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11/27/2018 12:19:00 PM
After 113 years in business, Graessle-Mercer's presses will stop early in 2019

Jordan Richart, Tribune Reporter

There’s a large book on a shelf inside the Graessle-Mercer Co. office, and if you brush off some dust, you’ll see the book lists the company’s invoices from 1905.

The 113-year-old book contains pages of orders for items sent all over the United States that year. It is a chronicle of the company’s second year in business and its early days of printing products.

It’s hard to tell how long it took First National Bank in Tyrone, Pennsylvania, to receive materials it ordered, but it was an early customer featured in the book.

As thick as 1905’s invoice book is, you would need even more pages to fill the history of this printing giant founded by Dr. George G. Graessle in 1904. Most of its history has been in an office and plant at 100 N. Pine St. in Seymour.

The company has spanned four generations, but the final chapter will be written in a few months as owners George and Jane Graessle recently announced the business will stop taking orders in early December and close in early 2019.

It was a difficult decision since Graessle-Mercer has been in the family for more than century. George started working on a press in 1974 and has led the company since 1976.

“It’s been in the family for so long, and that’s why it’s been hard to close,” George said. “I decided this about three years ago, but I just haven’t been able to do it. It’s been hard.”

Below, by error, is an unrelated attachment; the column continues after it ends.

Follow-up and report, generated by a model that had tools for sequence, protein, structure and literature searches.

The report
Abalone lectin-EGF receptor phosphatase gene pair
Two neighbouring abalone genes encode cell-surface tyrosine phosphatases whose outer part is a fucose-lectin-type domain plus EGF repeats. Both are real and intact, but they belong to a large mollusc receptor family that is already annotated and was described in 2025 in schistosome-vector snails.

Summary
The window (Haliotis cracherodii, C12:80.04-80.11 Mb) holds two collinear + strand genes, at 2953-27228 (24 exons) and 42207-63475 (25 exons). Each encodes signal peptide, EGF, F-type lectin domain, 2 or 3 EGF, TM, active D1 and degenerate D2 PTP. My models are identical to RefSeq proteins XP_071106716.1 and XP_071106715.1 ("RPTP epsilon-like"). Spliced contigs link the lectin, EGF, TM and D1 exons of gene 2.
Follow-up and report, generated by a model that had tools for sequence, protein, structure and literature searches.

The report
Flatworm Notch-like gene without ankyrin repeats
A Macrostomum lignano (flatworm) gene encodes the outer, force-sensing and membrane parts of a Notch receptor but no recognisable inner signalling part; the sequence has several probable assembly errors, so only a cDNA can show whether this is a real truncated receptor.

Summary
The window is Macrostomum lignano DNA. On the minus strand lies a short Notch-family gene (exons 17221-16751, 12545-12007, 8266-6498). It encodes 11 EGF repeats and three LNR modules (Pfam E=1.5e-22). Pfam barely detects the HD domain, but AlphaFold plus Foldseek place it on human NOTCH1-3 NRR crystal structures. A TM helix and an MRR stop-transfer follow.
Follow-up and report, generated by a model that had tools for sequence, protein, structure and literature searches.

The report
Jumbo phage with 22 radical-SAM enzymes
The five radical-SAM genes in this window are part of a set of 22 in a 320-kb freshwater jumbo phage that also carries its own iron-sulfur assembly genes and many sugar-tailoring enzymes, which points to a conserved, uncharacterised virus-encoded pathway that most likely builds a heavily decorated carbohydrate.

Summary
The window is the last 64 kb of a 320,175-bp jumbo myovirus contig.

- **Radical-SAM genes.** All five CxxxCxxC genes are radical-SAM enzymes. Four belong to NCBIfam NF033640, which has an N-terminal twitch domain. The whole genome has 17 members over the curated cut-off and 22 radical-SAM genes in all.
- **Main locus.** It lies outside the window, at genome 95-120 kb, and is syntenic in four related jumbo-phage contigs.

The company is in the process of finding buyers for equipment, too.

The business was established in March 1904 by George’s great-grandfather as the Graessle Calendar Factory and specialized in perpetual calendar printing. The business was founded in a building on the corner of Tipton and Chestnut streets across from Larrison’s Diner.

George has a perpetual calendar the company produced in 1904 still sitting on his desk. His son happened to find the calendar, which includes a clock and was produced for The Bank of Fairmount in West Virginia, on a website and purchased it.

“It’s kind of unique,” he said.

After the first year, the company began commercial printing for many years and expanded to printing publications in the late 1950s.

“That’s what we’re geared for now is printing publications,” he said.

At one time, the company printed as many as 30 publications each year before the Great Recession.

“The 2008 recession really hurt publications and trade publications,” he said.

The company would print horse and machine tool trading publications, but once the economy took a downturn and publications lost advertising, the demand never fully returned.

“A lot has moved online,” he said. “The commercial work has been OK, but there just isn’t enough of it.”

So George at 67 and Jane at 68 decided it was time to close the company. It employs seven people, but when business was booming, it employed as many as 30.

“Technology ate a lot of those jobs up as time went by,” he said.

Sometimes, the company would run two 12-hour shifts for days at a time to get publications out the door.

The company did a lot of printing for Indiana University, including an alumni publication. That’s an interesting project since Graessle is an alumnus and was even a manager for legendary basketball coach Bob Knight.

There’s also a little bit of mystery surrounding the business’ name. The Mercer part comes from Frank Mercer, who was a linotype operator in the early days of the business. It’s unclear whether he ever had an ownership stake in the business or what his role was later on.